But some people’s cups never overflow; some people’s cups hold bitter, putrid water; some people try to fill their cups from the wrong source.

“Such are the cups held beneath the drippings of the world’s leaky cisterns…” (Spurgeon, “The Overflowing Cup”).

What substitutes do you try to fill your cup with? The water the world provides is expensive and in limited supply. The living water offered by Jesus never runs out; its source is infinite.

“Some cups are never filled, because the bearers of them suffer from the grievous disease of natural discontent. The heart is like the slough of despond, into which thousands of waggon loads of material were cast, and yet the slough did swallow up all, and was none the better…” (Spurgeon).

Selfishness is a black hole. The more you get, the more you want and the more you think you deserve. Instead of overflowing, the water in your cup grows stale, fills with sediment, grows algae and becomes useless.

“Some cups never run over, because their owners are envious. The green dragon is a very dangerous guest in any man’s home. And unbelief is sure to prevent a man’s cup running over” (Spurgeon).

The more you focus on what you don’t have and the more you try to hoard things in order to protect yourself, the more the supply dries up. Focusing on yourself and what you need dries up the taps, puts a kink in the supply line. So open up the faucet and let it gush!

There’s another story in the Old Testament featuring a starving widow with a son. This time it’s Elijah who asks her to give him a cup of water and a piece of bread. But all she has between herself and her son’s starvation is a handful of meal and a little bit of oil, enough for a piece of pita. Elijah encourages her not to be afraid and then challenges her to be generous with him before making food for her son. He prophesies that Adonai will keep the pot of meal and the jar of oil filled until the rains return to water the crops. The widow acts in faith and her food supply is constantly replenished by the God of abundance. I can imagine her making meals for her neighbors, marveling each time she dips into the container that there is just enough. “Give, and you will receive gifts — the full measure, compacted, shaken together and overflowing, will be put right in your lap. For the measure with which you measure out will be used to measure back to you!” (Luke 6:38).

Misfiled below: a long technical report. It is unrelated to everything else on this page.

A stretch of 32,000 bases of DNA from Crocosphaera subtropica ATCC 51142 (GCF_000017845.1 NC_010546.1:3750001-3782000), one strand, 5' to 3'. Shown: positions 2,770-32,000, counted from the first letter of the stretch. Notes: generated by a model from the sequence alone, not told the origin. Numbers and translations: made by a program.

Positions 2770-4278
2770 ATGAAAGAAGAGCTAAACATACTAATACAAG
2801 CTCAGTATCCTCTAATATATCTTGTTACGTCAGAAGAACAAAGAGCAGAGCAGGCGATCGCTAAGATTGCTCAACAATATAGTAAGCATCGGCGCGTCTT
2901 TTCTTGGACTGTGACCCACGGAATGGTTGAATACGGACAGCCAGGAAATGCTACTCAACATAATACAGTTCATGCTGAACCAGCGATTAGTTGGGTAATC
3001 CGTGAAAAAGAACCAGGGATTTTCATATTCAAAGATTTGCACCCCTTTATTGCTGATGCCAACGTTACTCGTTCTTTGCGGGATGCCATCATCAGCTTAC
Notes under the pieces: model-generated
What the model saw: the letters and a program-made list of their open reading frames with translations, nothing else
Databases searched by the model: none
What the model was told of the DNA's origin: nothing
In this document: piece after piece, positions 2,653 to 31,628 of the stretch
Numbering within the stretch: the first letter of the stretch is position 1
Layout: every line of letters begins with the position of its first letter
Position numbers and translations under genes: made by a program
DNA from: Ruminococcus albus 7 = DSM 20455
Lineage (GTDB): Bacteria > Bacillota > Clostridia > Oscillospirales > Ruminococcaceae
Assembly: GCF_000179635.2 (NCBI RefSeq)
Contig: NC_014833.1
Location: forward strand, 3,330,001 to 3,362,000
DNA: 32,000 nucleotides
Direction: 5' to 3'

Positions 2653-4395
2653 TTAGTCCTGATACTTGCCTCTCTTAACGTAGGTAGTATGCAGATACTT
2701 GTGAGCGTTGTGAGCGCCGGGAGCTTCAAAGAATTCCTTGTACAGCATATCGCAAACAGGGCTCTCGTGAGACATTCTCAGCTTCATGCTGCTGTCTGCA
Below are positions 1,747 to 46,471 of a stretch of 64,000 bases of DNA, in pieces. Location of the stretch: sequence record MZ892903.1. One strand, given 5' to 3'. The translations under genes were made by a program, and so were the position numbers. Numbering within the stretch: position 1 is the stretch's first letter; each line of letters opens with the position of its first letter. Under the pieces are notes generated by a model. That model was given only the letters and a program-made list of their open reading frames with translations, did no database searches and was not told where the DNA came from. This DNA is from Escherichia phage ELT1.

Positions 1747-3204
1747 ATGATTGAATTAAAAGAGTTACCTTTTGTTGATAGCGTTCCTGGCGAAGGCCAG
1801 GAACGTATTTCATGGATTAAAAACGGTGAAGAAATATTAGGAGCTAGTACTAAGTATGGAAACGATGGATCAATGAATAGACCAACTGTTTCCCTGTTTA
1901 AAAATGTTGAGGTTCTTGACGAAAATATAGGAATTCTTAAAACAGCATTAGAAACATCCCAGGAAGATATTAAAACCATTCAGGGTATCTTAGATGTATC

The overflowing cup overflows because there are others who have needs as well. The overflowing cup only overflows when we take the focus off of ourselves and love our neighbor as ourselves. “And indeed, wherefore doth the Lord make our cup run over but that others should be refreshed by the droppings of the same” (Obadiah Sedgwick). God’s bounty should always lead to sharing. When did the miracle of the loaves and fishes begin? When the boy willingly donated his lunch for the benefit of others.

Do you have overflow? Where is it going? Have you misdirected it? Did you build a bigger barn to catch the excess, or did you let it rush out to those who really need it?

Give thanks, be grateful, see that your cup is overflowing. It’s not empty. It’s not half empty. It’s not even half full. It’s overflowing. It’s overflowing because you choose not to be a blockage in the stream of amazing love coming from the Father.

Say it with me, “I am a cup-overflowing kind of person.”

What are the enemies menacing you?

Furloughed, frightened, fired?
My cup is overflowing.
Discouraged, depleted, depressed?
My cup is overflowing.
Betrayed, baffled, bankrupt?
My cup is overflowing.
Violated, vaccinated, virulent?
My cup is overflowing.

“Now glory be to God, who by his mighty power at work within us is able to do far more than we would ever dare to ask or even dream of—infinitely beyond our highest prayers, desires, thoughts, or hopes. May he be given glory forever and ever through endless ages because of his master plan of salvation for the Church through Jesus Christ” (Ephesians 3:20, 21).

Kris Coffin Stevenson is an author, teacher, editor, and scopist. She loves living her eternal life starting now. She and her husband reside in Santa Clarita, California. You can follow her writing at or bthelove on Facebook.